I'm also relatively new to SharePoint development, but will try share some of my experience. :) When I created new code/functionality to a site, I make sure that I 'deactivate' the webpart/feature, then under your Admin Settings I retract the solution from the farm. Before I package the solution in Visual Studio, I update both the .feature title and ...


2

You need something like the following: $solution = "example.wsp" Install-SPSolution -Identity $solution $deployed = $False while ($deployed -eq $False) { sleep -s 5 $s = Get-SPSolution -Identity $solution if ($s.Deployed -eq $True -And $s.JobExists -eq $False) { $deployed = $True } }


2

The function “GetSPSolutionLastDeploymentSucceeded” is useful to find out whether the last solution deployment succeeded and to output the last operation details which includes error information if there was a failure. function GetSPSolutionLastDeploymentSucceeded([string]$solutionName) { # Get the solution again to make sure all deployment info is up-...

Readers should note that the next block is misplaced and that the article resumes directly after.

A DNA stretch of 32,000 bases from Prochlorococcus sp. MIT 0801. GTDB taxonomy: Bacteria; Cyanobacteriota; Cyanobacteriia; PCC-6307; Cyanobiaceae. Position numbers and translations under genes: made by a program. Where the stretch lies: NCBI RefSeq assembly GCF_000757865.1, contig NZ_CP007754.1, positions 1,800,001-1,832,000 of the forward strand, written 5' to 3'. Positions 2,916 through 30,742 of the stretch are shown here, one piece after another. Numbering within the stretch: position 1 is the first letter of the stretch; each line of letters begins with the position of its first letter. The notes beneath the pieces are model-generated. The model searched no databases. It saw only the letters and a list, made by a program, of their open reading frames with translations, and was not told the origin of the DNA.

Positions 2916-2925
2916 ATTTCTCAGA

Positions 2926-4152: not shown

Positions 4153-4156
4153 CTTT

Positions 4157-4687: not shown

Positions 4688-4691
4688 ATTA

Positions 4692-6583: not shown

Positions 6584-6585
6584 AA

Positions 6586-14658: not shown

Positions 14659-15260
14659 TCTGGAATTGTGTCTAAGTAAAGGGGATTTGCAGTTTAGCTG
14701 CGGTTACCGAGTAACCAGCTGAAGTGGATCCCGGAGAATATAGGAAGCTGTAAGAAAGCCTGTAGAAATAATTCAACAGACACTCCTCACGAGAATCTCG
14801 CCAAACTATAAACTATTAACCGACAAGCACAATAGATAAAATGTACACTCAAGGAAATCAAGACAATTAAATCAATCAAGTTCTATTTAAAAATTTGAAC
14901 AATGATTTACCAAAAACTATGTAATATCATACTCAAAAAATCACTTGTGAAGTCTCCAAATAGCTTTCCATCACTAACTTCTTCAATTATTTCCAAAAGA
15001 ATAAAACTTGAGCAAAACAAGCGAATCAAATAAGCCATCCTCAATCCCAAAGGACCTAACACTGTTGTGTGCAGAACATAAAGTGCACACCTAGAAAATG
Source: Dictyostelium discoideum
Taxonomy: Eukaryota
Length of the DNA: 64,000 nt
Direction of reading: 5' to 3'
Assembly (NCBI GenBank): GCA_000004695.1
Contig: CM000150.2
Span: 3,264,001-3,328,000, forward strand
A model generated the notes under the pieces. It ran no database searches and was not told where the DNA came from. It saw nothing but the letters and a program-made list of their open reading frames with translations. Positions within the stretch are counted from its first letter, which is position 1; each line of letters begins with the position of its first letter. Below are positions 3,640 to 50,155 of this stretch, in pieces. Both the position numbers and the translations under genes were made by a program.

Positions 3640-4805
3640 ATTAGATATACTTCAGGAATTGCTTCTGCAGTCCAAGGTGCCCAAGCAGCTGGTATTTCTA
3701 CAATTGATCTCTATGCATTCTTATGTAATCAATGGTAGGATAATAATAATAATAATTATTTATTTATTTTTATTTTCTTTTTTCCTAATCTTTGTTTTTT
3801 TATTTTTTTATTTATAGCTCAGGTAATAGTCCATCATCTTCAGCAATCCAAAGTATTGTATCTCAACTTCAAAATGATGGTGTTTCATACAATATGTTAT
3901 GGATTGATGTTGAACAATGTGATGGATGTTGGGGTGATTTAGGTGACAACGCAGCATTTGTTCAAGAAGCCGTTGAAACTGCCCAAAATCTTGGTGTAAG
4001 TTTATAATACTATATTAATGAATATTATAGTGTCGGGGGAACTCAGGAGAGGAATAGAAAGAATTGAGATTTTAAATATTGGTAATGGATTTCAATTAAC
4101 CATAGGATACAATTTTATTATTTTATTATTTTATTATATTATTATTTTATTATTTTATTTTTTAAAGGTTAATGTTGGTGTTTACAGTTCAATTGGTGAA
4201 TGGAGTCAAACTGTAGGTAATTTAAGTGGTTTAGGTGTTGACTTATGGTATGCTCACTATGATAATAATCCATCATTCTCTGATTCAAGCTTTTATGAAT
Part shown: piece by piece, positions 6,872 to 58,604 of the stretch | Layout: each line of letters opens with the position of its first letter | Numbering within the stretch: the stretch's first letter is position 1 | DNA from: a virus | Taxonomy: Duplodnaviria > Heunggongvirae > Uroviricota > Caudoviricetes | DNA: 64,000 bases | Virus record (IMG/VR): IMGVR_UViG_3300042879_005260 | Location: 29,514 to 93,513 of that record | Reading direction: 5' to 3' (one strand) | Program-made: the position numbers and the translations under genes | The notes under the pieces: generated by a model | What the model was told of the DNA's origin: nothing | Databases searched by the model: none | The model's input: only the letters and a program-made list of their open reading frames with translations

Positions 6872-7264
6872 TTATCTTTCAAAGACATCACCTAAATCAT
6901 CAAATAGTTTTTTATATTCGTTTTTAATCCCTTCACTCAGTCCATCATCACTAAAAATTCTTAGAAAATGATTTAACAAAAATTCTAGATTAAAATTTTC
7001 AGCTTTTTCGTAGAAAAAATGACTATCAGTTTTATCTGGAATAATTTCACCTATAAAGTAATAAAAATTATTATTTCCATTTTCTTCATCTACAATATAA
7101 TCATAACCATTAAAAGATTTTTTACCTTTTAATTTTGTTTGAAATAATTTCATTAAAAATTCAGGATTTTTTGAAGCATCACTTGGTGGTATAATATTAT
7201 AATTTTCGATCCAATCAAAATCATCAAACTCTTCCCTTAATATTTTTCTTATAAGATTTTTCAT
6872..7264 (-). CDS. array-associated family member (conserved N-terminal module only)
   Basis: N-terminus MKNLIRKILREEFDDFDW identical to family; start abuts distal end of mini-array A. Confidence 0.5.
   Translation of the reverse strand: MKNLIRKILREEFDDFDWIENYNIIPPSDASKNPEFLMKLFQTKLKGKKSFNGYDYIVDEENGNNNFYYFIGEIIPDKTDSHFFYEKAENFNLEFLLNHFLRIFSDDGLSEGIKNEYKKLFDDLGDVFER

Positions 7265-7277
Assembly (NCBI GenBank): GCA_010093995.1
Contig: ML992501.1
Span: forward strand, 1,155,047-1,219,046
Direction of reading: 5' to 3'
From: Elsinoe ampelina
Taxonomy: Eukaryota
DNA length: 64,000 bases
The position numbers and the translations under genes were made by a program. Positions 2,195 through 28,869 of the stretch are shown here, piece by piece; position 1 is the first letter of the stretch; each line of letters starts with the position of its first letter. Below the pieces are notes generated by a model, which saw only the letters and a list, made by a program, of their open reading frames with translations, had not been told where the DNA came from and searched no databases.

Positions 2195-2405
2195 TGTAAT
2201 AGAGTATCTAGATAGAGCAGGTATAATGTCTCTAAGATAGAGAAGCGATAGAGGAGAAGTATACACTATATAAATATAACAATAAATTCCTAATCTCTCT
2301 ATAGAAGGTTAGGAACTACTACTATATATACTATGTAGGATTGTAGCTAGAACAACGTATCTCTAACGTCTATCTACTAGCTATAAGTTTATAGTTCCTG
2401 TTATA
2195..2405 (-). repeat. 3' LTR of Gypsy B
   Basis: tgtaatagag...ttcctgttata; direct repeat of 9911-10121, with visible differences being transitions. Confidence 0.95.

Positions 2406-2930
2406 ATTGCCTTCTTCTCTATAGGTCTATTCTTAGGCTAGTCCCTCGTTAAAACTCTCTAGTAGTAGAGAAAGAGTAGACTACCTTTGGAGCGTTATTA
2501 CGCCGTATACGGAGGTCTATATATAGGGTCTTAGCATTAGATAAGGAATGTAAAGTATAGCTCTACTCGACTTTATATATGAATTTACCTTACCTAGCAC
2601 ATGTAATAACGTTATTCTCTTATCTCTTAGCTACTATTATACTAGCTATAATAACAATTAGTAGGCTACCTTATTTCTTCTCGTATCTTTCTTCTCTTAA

2

The key file only determines the PublicKeyToken part of the full assembly name. The version name remains specific to each project and can be set independently.


2

Look the "Module" element of feature elements.xml. http://msdn.microsoft.com/en-us/library/ee231567.aspx Here is an example of the Elements.xml file for a module: <?xml version="1.0" encoding="utf-8"?> <Elements xmlns="http://schemas.microsoft.com/sharepoint/"> <Module Name="Module1"> <File Path="Module1\Sample.txt" Url="Module1/...


2

We have an entire e-Project Management Office set up this way. It's a site collection with subsites by division, then we use a custom site template to create a subsite for each project, then roll up an overview of each project to the home page. In each project, we use tasks, milestone, project document library for project charter, requirements documents, etc....


2